Very often when you hear stories about the student debt crisis in the US, young graduates are depicted, nary a worry wrinkle in sight yet. While certainly the amount of loans being taken out has grown, along with the debt now escalating into the trillions, if you are heading into middle age, you are likely well aware that student loan debt issues are not just for the young—and definitely not wished upon the faint of heart either.
Whether you can handle the stress of student loans, and whether you have the money to pay them back is often not a choice though. And while it may sound like the most innocuous type of debt one could have, leaving you wondering how aggressive servicers could get over collecting on student loans, trust some of the 40 million people in the US with debts—this can become a very serious and very stressful matter. It has far reaching consequences too as all ages are affected, now too strapped to buy the larger, more traditional purchases that are expected, such as comfortable cars and nice homes. That’s not good for the economy.
Recent numbers show that 70 percent of graduates with B.A.’s still owe student loan debt. And nearly 40% are not paying on these loans regularly. While the focus has definitely been on the younger population struggling with debt, as well as the employment issue, there is still a significant number of older debtors not only in middle age, but entering retirement while carrying the burden of student loan debt. These debtors still account for around $204 billion that is owed in student loans.
“More than a quarter (27%) of federal student loan borrowers age 65-74 and more than half (54%) of federal student loan borrowers age 75 and older are in default,” states the Edvisors Blog, reporting on student loan statistics.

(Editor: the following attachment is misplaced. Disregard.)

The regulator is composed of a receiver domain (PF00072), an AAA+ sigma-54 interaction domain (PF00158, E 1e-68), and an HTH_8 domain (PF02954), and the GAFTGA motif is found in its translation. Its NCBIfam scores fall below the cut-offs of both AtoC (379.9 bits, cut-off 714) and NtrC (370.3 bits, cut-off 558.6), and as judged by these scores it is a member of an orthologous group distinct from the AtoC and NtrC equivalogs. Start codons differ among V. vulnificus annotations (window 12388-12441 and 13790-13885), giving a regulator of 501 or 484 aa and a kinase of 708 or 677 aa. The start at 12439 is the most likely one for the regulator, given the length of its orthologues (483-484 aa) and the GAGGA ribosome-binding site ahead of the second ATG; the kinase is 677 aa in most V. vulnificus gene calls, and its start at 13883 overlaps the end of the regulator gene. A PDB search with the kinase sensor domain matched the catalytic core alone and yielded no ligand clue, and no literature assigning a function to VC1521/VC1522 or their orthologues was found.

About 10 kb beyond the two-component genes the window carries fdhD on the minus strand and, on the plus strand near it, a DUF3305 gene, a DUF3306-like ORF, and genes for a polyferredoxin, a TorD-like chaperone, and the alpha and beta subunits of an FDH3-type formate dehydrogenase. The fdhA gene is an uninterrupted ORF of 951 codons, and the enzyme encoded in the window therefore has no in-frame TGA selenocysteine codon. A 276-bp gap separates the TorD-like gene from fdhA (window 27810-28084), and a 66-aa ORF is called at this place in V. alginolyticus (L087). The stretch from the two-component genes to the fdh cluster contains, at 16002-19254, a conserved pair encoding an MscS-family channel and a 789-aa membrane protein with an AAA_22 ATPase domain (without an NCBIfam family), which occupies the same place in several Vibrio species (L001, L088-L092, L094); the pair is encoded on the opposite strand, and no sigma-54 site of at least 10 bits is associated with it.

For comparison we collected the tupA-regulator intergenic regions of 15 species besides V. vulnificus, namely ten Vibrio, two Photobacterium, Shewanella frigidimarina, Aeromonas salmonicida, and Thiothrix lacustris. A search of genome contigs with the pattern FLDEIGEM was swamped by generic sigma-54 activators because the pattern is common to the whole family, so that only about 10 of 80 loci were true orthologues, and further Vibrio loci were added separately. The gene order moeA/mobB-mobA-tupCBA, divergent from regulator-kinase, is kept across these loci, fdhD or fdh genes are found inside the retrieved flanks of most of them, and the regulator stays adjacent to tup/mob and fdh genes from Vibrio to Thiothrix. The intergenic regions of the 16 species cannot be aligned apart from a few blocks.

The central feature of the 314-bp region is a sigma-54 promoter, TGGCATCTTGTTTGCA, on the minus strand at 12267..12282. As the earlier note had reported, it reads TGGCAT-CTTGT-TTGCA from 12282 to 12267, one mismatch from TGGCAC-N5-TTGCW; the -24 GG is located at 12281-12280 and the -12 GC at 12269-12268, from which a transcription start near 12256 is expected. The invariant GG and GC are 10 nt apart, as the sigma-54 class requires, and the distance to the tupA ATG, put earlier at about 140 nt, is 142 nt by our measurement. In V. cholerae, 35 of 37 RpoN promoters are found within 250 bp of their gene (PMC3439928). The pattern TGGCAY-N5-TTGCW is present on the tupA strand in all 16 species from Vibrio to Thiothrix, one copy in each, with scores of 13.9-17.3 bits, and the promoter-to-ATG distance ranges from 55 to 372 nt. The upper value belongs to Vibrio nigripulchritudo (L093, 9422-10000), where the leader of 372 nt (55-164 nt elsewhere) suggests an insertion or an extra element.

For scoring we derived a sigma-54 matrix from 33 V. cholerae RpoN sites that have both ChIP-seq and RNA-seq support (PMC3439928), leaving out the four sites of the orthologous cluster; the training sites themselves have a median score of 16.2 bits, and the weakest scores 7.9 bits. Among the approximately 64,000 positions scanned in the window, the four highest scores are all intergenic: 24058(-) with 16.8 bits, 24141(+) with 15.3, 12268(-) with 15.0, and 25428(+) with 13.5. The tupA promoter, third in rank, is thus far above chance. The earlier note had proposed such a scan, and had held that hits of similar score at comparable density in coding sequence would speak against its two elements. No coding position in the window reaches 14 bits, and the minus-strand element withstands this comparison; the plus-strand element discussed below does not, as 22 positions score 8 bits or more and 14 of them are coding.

So while the young have something to worry about in terms of debt, carrying that into retirement age when you may not have a chance to increase your income again is cause for significant concern.
“Student loans are not canceled when the borrower reaches retirement age. It is almost impossible to get student loans discharged in bankruptcy. The U.S. Department of Education can offset up to 15% of Social Security disability and retirement benefits, which can affect the financial security of retired Americans. An increasing number of senior citizens are losing part of their Social Security benefits to repay defaulted federal education loans each year,” states the Edvisors Blog.
If you are of retirement age and still carrying around student loan burden, this isn’t news to you, but it may be to many as the spotlight remains on those just graduating and worrying about their first careers. No matter what your age, if you are having trouble making your student loan debt payments or are headed into default, contact our experienced attorneys at Fitzgerald & Campbell, APLC. With decades of experience in counseling clients regarding student loan debt issues as well as other financial issues and options, we are here to help you!